It’s been about a decade since the first usable LED camera-top lights made their debut. I have fond memories of an original LitePanels unit that was essentially a hundred daylight LEDs soldered to a huge heatsink and powered by a lithium-ion battery. While it was certainly an improvement over any tungsten-bulb lamp, it wasn’t without its limitations. Somehow it was bright but rather “punchless,” harsh if not filtered (which cost a lot of intensity), and if you were using it near any wall, the hundred LEDs each cast their own shadow – a truly disconcerting effect. There have been many attempts to cure these issues, and at NAB 2015 Fotodiox – yes, the lens adapter folks – announced a new line of lights called Flapjacks, with a new approach called “edge-lighting.” And to add a cherry on the sundae, the Flapjacks have built-in dimming and are color-temperature selectable.
Edge-lighting is just what it sounds like – instead of an array of front-facing LEDs, the LEDs are arranged around the edge of the fixture, facing into a large, milky-white diffuser. The smoothness and intensity of the Flapjacks is quite remarkable; while they won’t out-punch an HMI sungun, they are amazingly effective for their size, heat and energy consumption.
I found two versions of the Flapjack lights on my porch one afternoon. The C-200RS is a 7” circle that is about ½” thick, with a flat white front and a back that features a Sony-format battery mount and a control panel.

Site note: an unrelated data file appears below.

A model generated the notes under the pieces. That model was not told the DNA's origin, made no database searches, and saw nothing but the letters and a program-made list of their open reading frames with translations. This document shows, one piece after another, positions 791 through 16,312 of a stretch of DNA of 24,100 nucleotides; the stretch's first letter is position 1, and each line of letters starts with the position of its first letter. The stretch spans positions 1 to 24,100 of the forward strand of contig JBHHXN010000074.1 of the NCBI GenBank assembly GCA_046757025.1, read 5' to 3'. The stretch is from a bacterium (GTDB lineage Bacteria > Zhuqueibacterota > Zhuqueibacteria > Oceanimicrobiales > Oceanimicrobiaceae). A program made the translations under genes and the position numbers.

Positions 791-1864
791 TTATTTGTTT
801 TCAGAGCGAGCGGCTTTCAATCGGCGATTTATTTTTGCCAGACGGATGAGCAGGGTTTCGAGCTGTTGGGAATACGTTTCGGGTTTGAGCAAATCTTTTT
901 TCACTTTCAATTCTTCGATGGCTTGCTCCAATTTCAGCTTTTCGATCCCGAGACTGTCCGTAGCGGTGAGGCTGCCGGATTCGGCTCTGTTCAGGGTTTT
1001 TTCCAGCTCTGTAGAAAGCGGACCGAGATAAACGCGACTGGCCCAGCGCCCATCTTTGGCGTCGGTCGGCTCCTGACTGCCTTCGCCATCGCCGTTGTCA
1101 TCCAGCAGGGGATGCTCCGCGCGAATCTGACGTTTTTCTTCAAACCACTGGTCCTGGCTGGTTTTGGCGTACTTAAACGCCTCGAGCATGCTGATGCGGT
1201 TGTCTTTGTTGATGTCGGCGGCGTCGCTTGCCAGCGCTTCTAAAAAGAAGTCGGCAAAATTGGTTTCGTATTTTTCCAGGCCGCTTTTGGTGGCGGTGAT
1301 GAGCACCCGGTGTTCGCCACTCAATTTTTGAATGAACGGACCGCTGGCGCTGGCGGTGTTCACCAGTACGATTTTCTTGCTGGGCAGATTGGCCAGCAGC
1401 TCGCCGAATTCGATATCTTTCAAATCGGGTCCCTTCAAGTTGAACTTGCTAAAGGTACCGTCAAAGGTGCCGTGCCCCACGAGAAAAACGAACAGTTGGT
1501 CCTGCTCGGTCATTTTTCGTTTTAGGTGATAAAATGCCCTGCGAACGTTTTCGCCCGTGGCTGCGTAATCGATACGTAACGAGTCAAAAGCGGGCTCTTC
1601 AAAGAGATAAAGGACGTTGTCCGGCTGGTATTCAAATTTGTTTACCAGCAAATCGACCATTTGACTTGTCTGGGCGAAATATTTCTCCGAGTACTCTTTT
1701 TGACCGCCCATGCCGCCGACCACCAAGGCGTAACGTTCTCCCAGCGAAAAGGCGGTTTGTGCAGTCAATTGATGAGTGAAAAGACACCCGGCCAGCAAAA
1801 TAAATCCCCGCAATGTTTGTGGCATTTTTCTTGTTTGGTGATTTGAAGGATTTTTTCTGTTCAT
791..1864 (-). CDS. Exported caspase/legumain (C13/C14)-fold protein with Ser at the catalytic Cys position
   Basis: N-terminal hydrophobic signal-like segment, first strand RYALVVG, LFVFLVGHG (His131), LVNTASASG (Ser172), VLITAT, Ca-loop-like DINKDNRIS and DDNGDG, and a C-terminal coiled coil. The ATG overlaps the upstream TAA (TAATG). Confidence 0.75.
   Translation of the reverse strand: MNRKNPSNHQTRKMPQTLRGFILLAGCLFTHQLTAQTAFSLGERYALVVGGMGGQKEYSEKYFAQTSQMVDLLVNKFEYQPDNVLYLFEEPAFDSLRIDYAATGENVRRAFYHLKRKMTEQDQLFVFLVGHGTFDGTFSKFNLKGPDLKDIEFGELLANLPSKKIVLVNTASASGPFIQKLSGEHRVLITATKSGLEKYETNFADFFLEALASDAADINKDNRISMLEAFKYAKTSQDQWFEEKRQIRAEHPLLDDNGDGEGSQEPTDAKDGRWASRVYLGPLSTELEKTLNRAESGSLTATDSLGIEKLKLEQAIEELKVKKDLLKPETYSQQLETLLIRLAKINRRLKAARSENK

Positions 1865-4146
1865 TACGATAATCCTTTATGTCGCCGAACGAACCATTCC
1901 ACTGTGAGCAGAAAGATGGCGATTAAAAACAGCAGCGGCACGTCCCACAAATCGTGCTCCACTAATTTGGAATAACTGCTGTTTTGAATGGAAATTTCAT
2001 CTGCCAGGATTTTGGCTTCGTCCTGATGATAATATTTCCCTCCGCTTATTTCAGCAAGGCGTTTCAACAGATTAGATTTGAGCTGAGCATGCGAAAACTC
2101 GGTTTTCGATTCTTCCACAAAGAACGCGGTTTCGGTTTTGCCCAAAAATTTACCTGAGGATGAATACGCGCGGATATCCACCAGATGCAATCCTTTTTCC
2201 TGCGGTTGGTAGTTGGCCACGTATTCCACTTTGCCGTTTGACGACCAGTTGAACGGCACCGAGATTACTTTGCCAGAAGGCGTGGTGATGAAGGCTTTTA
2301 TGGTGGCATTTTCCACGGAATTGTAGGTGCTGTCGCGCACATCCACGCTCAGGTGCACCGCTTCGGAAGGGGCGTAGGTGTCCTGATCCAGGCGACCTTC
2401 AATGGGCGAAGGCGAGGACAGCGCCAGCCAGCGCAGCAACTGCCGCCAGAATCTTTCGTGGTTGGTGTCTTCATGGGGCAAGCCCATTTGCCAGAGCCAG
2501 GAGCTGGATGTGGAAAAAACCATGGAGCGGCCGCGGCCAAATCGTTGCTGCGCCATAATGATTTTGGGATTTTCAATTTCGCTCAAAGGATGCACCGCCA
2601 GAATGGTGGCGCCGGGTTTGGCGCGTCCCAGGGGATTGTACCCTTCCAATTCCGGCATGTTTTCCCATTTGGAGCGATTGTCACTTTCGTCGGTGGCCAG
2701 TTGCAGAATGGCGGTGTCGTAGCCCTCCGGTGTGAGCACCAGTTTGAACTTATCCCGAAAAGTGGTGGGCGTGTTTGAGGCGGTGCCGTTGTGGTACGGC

Two knobs control brightness from 0 – 100% and color temperature from 3200 Kelvin to 5600 Kelvin – the normal spread from tungsten light to average daylight. A liquid crystal display shows color temperature, brightness and battery status. The other light is the C-218AS, which has an 11” x 4” rectangular form.
The controls are the same, and the C-218AS features two ¼”-20 threads for mounts (the C-200RS has only one.) The lights come packaged in a semi-soft case with a Sony-format battery, a battery charger, a wall-wart transformer, a cigarette-power adapter and a ball-mount that slides into the “shoe” on top of your camera.
I tested the Flapjacks both in my studio and on a 5-day roadtrip across the north of Wisconsin. Using a Sekonic light meter, I found the Flapjacks both had remarkably similar output – about 15 footcandles at 5 feet, and near 40 footcandles at 3 feet. Even more interesting is that the light output doesn’t vary at all across the color spectrum, from 3200K to 5600K. Measuring the color temperature with my Sony NEX-EA50U camera showed the tungsten color at 3100K and the daylight around 5200K – not enough of a diversion to worry about.
It is a rare shooter that hasn’t had to fight the scourge of florescent lighting. Neither tungsten nor daylight, florescent lights often have a greenish color temperature in the 4400K range. The adjustable color temperature on the Flapjacks is made for this situation; dialing in a workable, color-appropriate hue is a piece of cake, and the precise display makes recreating a preset a no-brainer.
On my roadtrip I used the rectangular Flapjack C-218AS for a different purpose – to illuminate a banner.
I mounted the fixture to a Manfrotto Magic Arm and pointed the light up from the floor. I got two hours of light from a full battery charge, and the extra light really helped in making the banner stand out.
With prices online ranging from $230 for the C-218AS and $260 for the C-200RS, they are both useful and cost-effective lighting tools that can be deployed in many ways to add fill light where it is needed. And considering that the price includes a case, a battery, a charger and other power options makes adding a Flapjack or two to your light kit a no-brainer.